En coup de foudre

Lightning_strike_jan_2007We have something to celebrate. I hesitate now to take anything for granted but after three and a half months, I am starting to relax about Elodie and the condition she developed nearly three years ago.

M.E. (Chronic Fatigue Syndrome) is a pernicious illness that robs its victims of energy, fun and eventually of confidence. Elodie has always been a dancer, tapping out steps, weaving her arms through the air while talking, eating her breakfast or brushing her teeth. From a little girl, dance was her emotional language of choice.

M.E. rendered her mute.

In the grip of the disease, Elodie had no energy for dance classes. She had scant energy even to stand or walk. Her world shrank to the four walls of her bedroom as others failed to understand that no amount of rest would alleviate her tiredness. Her joints ached, her periods stopped, she suffered hot flushes and a racing heartbeat. She could not sleep, then would sleep for 16 hours, only to wake exhausted.

I tried to be supportive but a little voice whined, ‘We’ve already done this. We’ve been the mother of a sick child and it didn’t end well. This is not fair.’  I reasoned with myself – after all M.E. is not leukaemia –  but Elodie’s mood as her illness progressed worried me. In desperation sometimes I pushed her to do more than she was able, because I wanted the old Elodie back. I got cross, unreasonably frustrated with her for being ill. It was not a great time in any of our lives. And then something happened.

At the beginning of July, Elodie began the Lightning Process. The LP is is a three-day course, the details of which I choose to remain vague, because it worked.

Collecting her after the first day, we drive a pretty route home and at the top of a hill, Elodie asks me to stop the car.

‘Come on, let’s run!’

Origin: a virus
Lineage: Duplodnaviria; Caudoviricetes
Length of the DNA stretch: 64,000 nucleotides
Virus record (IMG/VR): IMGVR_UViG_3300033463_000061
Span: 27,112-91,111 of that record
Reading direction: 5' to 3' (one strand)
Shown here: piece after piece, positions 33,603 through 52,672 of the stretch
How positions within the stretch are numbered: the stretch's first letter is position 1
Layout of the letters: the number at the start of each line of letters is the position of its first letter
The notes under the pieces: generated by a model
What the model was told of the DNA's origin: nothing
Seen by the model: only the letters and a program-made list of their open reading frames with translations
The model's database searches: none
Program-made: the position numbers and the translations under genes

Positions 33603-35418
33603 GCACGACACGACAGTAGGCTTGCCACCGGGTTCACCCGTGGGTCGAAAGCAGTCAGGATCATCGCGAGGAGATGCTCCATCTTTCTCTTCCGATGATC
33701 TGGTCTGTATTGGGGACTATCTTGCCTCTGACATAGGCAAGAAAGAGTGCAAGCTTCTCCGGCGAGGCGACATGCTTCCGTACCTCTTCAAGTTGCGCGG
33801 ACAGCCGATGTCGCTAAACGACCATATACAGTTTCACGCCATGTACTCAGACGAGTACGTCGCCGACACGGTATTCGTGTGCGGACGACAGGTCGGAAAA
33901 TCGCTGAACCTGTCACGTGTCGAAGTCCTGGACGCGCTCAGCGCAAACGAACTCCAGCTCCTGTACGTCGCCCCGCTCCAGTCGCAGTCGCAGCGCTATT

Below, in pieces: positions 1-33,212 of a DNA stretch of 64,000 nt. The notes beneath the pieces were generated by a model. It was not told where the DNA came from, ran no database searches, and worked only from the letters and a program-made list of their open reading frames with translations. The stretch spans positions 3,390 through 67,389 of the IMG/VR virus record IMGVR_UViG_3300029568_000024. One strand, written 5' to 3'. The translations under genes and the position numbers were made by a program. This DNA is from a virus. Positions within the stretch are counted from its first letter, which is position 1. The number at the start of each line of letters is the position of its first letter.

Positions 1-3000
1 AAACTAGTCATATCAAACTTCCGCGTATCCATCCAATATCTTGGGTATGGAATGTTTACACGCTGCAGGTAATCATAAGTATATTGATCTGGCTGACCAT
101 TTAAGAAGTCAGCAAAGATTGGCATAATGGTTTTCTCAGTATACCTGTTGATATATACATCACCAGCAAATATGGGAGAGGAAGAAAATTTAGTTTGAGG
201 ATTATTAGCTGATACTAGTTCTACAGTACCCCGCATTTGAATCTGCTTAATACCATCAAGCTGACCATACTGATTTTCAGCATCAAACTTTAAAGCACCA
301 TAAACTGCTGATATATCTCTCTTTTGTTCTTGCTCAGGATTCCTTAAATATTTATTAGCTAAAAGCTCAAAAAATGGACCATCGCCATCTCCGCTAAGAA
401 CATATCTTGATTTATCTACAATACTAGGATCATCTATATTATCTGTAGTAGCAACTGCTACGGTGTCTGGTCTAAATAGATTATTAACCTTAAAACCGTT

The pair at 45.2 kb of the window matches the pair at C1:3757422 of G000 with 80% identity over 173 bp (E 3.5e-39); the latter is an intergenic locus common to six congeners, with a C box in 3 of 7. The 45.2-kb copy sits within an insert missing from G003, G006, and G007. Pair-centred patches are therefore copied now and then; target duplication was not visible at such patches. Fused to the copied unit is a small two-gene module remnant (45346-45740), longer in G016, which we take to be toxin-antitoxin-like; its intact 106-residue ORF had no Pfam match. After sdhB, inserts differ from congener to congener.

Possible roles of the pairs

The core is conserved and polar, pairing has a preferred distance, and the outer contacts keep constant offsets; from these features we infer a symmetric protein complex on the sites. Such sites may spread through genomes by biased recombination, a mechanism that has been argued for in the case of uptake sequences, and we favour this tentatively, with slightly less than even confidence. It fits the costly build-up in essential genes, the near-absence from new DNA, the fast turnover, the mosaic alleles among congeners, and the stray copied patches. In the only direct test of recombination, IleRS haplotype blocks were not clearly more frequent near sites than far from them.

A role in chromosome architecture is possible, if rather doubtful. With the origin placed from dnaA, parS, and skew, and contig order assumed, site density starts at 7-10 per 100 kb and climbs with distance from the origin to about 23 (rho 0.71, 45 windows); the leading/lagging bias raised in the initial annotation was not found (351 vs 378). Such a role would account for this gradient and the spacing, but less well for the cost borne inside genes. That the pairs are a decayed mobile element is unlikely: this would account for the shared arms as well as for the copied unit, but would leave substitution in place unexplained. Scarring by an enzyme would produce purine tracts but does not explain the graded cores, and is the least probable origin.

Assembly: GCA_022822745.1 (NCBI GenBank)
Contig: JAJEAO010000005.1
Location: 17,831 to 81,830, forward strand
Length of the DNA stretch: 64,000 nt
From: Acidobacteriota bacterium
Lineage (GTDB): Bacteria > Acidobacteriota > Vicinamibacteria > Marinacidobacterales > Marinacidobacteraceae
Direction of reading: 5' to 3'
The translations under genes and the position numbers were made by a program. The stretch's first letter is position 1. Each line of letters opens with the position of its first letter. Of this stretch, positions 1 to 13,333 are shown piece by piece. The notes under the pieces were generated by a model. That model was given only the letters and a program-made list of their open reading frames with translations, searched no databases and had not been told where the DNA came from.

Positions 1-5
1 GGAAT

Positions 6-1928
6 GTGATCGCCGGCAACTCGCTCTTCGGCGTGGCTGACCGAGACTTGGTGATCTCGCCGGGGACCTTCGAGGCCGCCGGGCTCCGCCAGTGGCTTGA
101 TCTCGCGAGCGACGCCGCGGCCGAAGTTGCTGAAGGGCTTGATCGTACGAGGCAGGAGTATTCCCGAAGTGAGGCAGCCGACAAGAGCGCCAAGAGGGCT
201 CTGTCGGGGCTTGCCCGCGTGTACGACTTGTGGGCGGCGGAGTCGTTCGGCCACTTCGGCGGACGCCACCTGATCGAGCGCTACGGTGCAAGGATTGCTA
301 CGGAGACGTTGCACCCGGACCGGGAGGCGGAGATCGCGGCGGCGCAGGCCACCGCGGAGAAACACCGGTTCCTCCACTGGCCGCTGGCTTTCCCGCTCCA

She outstrips me, but this amazes me slightly less than the fact that Elodie is no impulsive free spirit. She’s a planner, a meticulous planner and lover of order – in other words, not a person to run a crazy race like the one we’re now running. She reaches the bottom of the hill, turns and sticks out her tongue with a grin.

Over the next couple of days, her face regains colour. She holds herself differently, speaks with new energy. And she laughs. On the fourth day, I’m at work when she texts me a photo of herself back from a run – not a short, exhausted walk to the bus stop with the worry she would not manage the day, but a proper, mile-long run.

We wait for her A Level results and she tries not to worry that her illness during exams might have stopped her doing well enough for her chosen university. Our wifi is down on the morning results are released, so for the best phone signal we find the highest part of the village. We sit on a bench in the churchyard, metres from Juliette’s grave, when we learn that Elodie got the grades she needed.

A month before her course begins Elodie takes a physically demanding job in a restaurant five miles away, to which she sometimes has to cycle. Three weeks ago, she started university.